In a recession, the old maxim time is money seems to fall apart at the seams. When there is little money to be made, you have a surplus of idle time, and time ceases to be a fungible asset. It’s just time. Whether this is liberating, or despair-inducing, or both, is neither here nor there.
But even for the completely unemployed, there are points at which your time does equal money, and that’s the annual collective nightmare we euphemistically call holiday travel. Should the Almighty Lord choose not smite us with a Christmastime blizzard again this year, as he has over the last two years (mere mortal weathermen say no), you will be able to see your loved ones this holiday season, instead of spending it napping on your laptop case, fighting the urge to have dinner at Auntie Anne’s for the sixth night in a row.
Planning ahead and controlling the factors that you can control are the keys to successful and cheap holiday travel. You’ve already shelled out hundreds of dollars for tickets and presents, and you could easily drop $200 more if you don’t plan ahead — all you need is time.
1. Getting There: This is the biggest variable cost when traveling: the traveling you do before you can travel. Except for in strange exceptions like San Diego, a city’s airport is typically large to the point that it has to lie well outside of city limits (or in far-flung corners of the city’s suburban fringe, like JFK and LaGuardia here in New York). This, combined with the fact that you need to be there at least 90 minutes early, makes your time even more valuable still.
And that’s central to the tip here: most major metropolitan cities have a public transit option for getting to the airport. The less likely it is that you or your friends have cars, the more likely it is that you live in a city with this option and it will be the cheapest option by far. Even in New York, it’s only $7.25 to ride the subway and the AirTrain to JFK, and only $2.25 to ride the bus to LaGuardia. It would likely cost upwards of $50 to take a cab from Manhattan to either.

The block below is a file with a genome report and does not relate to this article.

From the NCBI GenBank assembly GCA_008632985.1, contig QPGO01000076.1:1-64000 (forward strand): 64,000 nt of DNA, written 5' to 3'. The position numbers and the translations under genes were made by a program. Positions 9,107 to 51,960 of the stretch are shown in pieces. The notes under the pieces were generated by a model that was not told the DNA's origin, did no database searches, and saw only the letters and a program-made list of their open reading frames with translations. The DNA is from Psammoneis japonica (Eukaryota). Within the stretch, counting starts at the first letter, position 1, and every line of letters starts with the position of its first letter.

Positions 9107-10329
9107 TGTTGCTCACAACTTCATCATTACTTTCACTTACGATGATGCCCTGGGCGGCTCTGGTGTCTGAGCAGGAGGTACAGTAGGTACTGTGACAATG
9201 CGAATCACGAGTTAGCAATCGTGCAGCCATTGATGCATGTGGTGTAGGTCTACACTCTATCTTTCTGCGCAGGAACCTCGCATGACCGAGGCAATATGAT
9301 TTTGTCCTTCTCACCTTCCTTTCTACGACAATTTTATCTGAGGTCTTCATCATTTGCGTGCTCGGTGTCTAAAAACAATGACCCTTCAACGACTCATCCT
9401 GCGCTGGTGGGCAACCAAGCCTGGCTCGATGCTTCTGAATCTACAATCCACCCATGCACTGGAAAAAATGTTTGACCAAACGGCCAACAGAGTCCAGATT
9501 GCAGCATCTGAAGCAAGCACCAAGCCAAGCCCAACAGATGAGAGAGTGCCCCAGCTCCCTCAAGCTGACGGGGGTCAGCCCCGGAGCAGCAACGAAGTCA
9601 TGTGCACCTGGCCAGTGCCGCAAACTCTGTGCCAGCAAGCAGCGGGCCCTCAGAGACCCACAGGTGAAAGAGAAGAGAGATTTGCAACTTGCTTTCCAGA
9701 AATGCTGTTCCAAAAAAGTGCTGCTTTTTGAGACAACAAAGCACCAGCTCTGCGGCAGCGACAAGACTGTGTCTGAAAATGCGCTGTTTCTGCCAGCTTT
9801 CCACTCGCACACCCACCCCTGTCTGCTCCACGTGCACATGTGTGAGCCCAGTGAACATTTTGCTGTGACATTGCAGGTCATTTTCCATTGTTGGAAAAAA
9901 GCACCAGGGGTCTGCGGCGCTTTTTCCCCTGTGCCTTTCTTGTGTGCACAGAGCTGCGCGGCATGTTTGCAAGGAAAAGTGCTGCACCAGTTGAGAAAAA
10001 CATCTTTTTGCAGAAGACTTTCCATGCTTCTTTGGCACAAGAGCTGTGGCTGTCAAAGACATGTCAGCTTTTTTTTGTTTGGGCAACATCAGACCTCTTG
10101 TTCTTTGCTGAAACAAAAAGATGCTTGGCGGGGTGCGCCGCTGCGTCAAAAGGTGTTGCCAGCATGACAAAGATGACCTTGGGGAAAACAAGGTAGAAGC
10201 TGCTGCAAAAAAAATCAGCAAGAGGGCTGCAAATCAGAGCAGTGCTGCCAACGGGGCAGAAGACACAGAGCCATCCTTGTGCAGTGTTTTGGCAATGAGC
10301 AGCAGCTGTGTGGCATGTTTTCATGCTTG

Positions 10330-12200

The same is likely true for wherever you land, though here you should hopefully have someone who loves you enough that they are willing to pick you up.
You could shave $90 off of your travel costs just by avoiding cabs. It just takes time.
2. Getting Your Things There: Holiday travel and holiday shopping have a way of becoming far more ruthlessly inconvenient than the sum of their parts. The effect can feel multiplicative, and as far as your wallet is concerned, it is. Don’t want to schlep a bag full of presents on the subway? Take a cab. Now you have to check the bag for another $25, and you’ve just spent an extra unnecessary $75 as a tax for having bought presents.
So if we lump the cost of a cab with the cost of checking an extra bag, the case for shipping your gifts seems more attractive. Fed Ex will charge you about the same as a cab and airline baggage check fees, but the USPS charges flat rates for large boxes of about $15. That’s $60 in your pocket right there.